wasn't too long ago (several years) that we were picnicking on the
Courthouse lawn in Seguin in the shade of the World's Largest
Pecan, hoping that it wouldn't fall and crush us. A newspaper
blew in from the northwest and the page was open to a column by
the author of this book. We forget the piece, but we remembered
we liked the style. Sometime later we found "Tales of Badmen…etc."
on the shelf of the Bastrop library. We immediately made the connection,
not that our memory is good, but because it's printed right on the
back of the book that the author wrote a column for the Seguin
When you look at the table of contents, you'll immediately notice
a few familiar names. Judge Roy Bean, Bonnie and Clyde,
John Wesley Hardin and Sam Bass. You might think the
characters are familiar to you, but think again. It's not just Judge
Roy Bean, but "The man who became Judge Roy Bean." It's not
just Bonnie and Clyde, it's "The Real Story of Bonnie and Clyde."
While some of the names are familiar, the "take" on them isn't.
Eckhardt's style has a familiar tone. It's a tone with an opinionated
edge that we enjoy. He sounds a little like your uncle, or maybe
your father telling a story. There's the celebrated Cisco Santa
Claus Bank Robbery and the San Antonio shooting of Austin
City Marshall Ben Thompson. In this way the book makes a
good primer to 19th and early 20th century crime in Texas.
On the other hand, there are all the stories that aren't familiar
like "The Murderous Yocums of the Big Thicket," "A
Lake Called "Haunted," and "The Badman Nobody Knows."
In fact, fully one half of the stories were new to us. The author's
interjection of personal experiences (interviews with participants
for example) lends the ring of truth to the detail-rich stories.
The haunted lake is as eerie as anything in Pennsylvania and the
Judge Roy story introduces you to the Brothers Bean when
they were in California (and referred to as "Los Frijoles").
Knowing his background answers your questions about how he could
pull off being the "Law West of the Pecos" when he didn't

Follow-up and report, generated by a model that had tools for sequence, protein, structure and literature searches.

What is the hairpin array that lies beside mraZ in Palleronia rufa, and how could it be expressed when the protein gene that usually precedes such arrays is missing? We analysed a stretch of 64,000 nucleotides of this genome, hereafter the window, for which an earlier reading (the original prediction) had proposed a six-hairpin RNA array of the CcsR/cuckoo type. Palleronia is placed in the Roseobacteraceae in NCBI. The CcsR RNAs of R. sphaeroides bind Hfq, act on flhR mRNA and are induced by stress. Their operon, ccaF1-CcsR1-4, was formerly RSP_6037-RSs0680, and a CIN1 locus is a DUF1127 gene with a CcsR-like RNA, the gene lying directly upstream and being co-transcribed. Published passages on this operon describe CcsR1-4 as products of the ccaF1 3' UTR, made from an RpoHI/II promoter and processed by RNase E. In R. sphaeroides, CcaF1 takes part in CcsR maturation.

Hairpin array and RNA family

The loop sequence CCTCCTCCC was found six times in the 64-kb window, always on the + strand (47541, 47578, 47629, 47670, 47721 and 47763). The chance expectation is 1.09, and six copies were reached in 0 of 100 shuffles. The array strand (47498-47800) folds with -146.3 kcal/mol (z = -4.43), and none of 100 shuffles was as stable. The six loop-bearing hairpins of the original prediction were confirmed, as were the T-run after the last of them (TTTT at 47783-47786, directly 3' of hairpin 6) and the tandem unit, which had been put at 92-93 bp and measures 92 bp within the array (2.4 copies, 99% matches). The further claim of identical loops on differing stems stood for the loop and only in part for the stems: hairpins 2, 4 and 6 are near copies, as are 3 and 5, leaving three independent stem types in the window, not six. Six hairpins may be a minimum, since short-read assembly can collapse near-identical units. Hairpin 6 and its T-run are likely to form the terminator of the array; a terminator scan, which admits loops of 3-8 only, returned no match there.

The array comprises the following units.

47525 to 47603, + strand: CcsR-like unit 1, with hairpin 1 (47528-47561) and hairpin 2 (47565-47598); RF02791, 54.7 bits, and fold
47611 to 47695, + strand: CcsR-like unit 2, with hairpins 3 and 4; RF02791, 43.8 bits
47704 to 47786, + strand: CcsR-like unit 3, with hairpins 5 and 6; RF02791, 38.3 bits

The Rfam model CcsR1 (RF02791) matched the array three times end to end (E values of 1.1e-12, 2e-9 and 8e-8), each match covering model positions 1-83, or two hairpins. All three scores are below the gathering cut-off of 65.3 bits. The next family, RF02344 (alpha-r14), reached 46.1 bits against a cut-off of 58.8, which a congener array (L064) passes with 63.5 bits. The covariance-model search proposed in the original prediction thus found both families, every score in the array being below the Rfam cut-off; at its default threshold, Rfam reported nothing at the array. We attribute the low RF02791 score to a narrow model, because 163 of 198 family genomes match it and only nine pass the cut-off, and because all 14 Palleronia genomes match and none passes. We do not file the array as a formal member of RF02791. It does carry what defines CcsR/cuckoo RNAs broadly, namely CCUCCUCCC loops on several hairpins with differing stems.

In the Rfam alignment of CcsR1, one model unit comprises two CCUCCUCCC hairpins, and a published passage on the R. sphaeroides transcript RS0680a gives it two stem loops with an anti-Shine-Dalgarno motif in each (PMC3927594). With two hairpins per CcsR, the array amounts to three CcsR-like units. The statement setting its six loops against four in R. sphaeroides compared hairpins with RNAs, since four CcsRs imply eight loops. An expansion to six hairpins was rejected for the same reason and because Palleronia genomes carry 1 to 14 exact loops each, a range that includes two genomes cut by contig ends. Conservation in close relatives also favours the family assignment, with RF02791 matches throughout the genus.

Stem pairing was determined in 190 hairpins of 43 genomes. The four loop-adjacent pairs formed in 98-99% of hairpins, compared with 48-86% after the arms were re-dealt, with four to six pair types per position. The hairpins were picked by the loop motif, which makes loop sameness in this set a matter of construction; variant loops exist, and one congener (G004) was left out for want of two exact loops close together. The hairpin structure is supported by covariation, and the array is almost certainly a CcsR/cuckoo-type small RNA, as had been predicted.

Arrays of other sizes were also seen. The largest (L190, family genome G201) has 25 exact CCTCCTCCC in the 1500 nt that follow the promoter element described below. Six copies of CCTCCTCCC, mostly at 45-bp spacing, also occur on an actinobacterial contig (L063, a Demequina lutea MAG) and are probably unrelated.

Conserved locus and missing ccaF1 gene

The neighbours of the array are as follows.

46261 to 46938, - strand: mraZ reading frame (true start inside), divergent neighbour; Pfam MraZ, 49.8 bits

know a tort from a torta.
When writing about Waco's William Cowper Brann, Eckhardt
included details we've found only in books devoted entirely to the
subject. Here the historical tidbits are so plentiful they'll drip
out of the book and form a pile on the floor (kind of like Pistachio
shells). Mr. Eckhardt is also the author of Texas Tales Your
Teacher Never Told You, published by Republic of Texas Press.
That title also applies to this volume (x2).
Eckhardt's generosity of word might irritate other historians who
want to stretch stories to book length, but this is what makes the
book such a bargain. Don't think that you'll find this volume at
your library's book sale in the future. It's the kind of book that
people hold onto to read again. If it's going to be sold "used"
in the future, it will be as Texana in book shows and will probably
cost a hell of a lot more than what they're asking now.
We called Mr. Eckhardt to make sure our information was correct
and to maybe get a few questions answered about Seguin. We got our
questions answered, we had a good conversation and we also got an
invitation to visit Seguin for a tour. We were told to call him
Charley (with an e-y because " I ain't no damn perfume").
It is our sincere hope that the Seguin school system realizes that
they have C.F. Eckhardt living there and if nothing else, they contact
him to inspire whoever they have teaching history now. This goes
for any small town in Texas that has historians in their midst.
Tap into this under-used resource. - Editor
© John Troesser
Eckhardt' Texas" Columns
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